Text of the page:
I haven’t done a cooking posting for a while, and from my stat-o-meter thingy, it seems that the last posting was one of the most popular yet on the blog. That was a bit of a surprise I have to say. But that does tells me there may be loads of shy guys out there (since none of you have left a comment) interested in becoming a little better at cooking. Or lots of you checked it out in disbelief that a rough old Northern boy could end up stirring sauces and enjoying it. It was probably the latter but who cares, I’m going to write more on this so read it and laugh or, maybe just try it out.
Well this isn’t a whole new recipe. I’ve got lots to come but I thought about some more variations on the mashed potato theme and thought I should cover them off them off first. This is all about adding other vegetables in the boiling stage to create a different taste experience. Ok remember the first stage? Of course, fill a glass with some wine; or if you prefer it, some cool beer. Cooking is always more rewarding this way. You’ve gone through the prep stage already with the spuds. If you fancy adding a slightly different taste there are many things you can add to the mix which complement the potato well. Celeriac is good and adds a sharpish kind of edge but add just a bit – perhaps in the proportion 1:8 against the potato. Parsnip’s good too but requires a little less time than the potato to boil through so add later. You’ll get the hang of comparative boiling times by experience but a good indicator is how easy the vegetable is to cut through. The easier, the softer the flesh and the quicker to boil through. Perhaps add 1:4 against the potato quantity. Swede and turnips are ok and can be added in same quantities as the parsnip. They probably cook more like the spud. A tip, once peeled don’t let the veg stand around in the air too long – they can go brown. So either peel immediately before inserting them in the boiling water or peel early and leave them to stand in a bowl of cold water. Have a slurp.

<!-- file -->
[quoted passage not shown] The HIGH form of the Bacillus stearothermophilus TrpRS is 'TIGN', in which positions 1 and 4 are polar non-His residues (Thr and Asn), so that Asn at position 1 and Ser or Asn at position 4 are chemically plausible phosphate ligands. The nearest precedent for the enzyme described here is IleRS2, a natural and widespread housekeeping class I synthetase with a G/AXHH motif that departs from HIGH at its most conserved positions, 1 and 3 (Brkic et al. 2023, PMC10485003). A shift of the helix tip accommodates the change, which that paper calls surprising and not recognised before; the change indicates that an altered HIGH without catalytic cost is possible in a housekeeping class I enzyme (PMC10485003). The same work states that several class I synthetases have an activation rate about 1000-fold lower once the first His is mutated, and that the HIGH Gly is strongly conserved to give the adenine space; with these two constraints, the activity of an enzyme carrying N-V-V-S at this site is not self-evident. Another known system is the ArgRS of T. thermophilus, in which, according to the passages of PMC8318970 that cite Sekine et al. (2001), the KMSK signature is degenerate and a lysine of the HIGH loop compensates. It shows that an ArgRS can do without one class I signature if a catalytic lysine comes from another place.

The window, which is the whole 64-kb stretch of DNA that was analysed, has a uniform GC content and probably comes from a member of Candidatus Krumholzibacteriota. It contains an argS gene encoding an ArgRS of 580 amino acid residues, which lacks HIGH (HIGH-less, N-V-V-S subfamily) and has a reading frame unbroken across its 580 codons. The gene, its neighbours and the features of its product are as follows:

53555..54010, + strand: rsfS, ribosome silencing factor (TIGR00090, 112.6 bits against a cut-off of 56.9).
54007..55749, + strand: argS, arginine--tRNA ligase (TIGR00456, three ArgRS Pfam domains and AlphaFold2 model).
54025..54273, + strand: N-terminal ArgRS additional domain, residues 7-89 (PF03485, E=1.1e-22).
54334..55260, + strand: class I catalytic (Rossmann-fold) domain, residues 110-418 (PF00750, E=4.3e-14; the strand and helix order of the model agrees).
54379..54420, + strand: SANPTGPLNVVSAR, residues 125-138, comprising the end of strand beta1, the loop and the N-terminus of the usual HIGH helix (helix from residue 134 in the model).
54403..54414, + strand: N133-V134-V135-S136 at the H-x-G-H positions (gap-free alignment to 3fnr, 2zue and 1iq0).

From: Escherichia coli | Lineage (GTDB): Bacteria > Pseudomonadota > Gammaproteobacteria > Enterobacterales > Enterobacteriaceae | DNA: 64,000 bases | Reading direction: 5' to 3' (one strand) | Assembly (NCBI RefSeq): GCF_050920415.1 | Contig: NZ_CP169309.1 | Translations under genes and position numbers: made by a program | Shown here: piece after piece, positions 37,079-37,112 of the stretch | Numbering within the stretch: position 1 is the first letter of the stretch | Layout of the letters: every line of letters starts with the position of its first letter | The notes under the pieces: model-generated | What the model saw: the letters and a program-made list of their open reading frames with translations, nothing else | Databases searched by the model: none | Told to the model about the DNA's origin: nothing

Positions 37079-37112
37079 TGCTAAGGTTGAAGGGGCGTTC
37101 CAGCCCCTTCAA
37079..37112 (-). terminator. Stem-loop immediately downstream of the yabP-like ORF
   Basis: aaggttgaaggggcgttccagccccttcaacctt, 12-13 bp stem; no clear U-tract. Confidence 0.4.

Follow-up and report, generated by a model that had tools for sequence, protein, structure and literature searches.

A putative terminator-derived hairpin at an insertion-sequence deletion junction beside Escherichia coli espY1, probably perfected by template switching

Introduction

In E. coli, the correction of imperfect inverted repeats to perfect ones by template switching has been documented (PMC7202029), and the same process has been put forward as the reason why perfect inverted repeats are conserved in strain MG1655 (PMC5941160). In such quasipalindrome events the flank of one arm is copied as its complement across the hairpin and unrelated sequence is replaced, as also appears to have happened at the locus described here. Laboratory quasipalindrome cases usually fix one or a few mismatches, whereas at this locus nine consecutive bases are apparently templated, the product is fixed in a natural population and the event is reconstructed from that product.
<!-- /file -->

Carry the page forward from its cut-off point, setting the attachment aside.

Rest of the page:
If you fancy something a bit more interesting try some sweet potato with the spuds. These are a staple part of most of my recipes so keep stocked up. They are great tasting and succulent and they combine beautifully with the potato. They are of course orange in colour so you’ll end up with a kind of peach coloured mash, which is quite funky. They do cook more quickly than the spuds so put them in later. You can get close to 1:1 if you like. The combination of the regular and sweet potatoes, well mashed as per the previous directions, is just great. Trust me your partner/family will like these a lot if you’ve never tried before. Carrots can be used in the same way but their texture is quite fibrous and whilst they soften under boiling I never think they mix as well with the potato.
A final thought is to try and experiment a little bit. So long as the other ingredients boil up to tenderness and can mash up then try some ideas of your own. A mix of all the above is really nice. But once or twice I’ve tried peas in the mix. A slightly firmer garden pea is good but anything you’ve got in the freezer will do. Just add them to the boiling potatoes at a late stage (they won’t require much boiling, esp petit pois). Drain off and do a rough mash (ie not whipped). You don’t really want the mix turning solid bright green. Perhaps add just a little cut mint. This combo is especially good if you fancy boiling the potatoes with skins still on. You get a really earthy, tasty mash with flashes of the green pea speckled throughout. It also makes a great bubble and squeak fry up next day if you have any left overs.
So there you go. Finish the glass to another success. All we’ve done so far is the humble mashed spud but you’ve got a few suggestions to vary the taste and look experience. Trust me you’ll use these variations constantly over the years and everyone will enjoy them. Next time we’ll try some more complete yet simple meal ideas with the wonderful chicken. Dull? We’ll see, but I’ll challenging you to consider whether the inner thigh is more succulent than the breast. Think on that; we’ll discuss next time.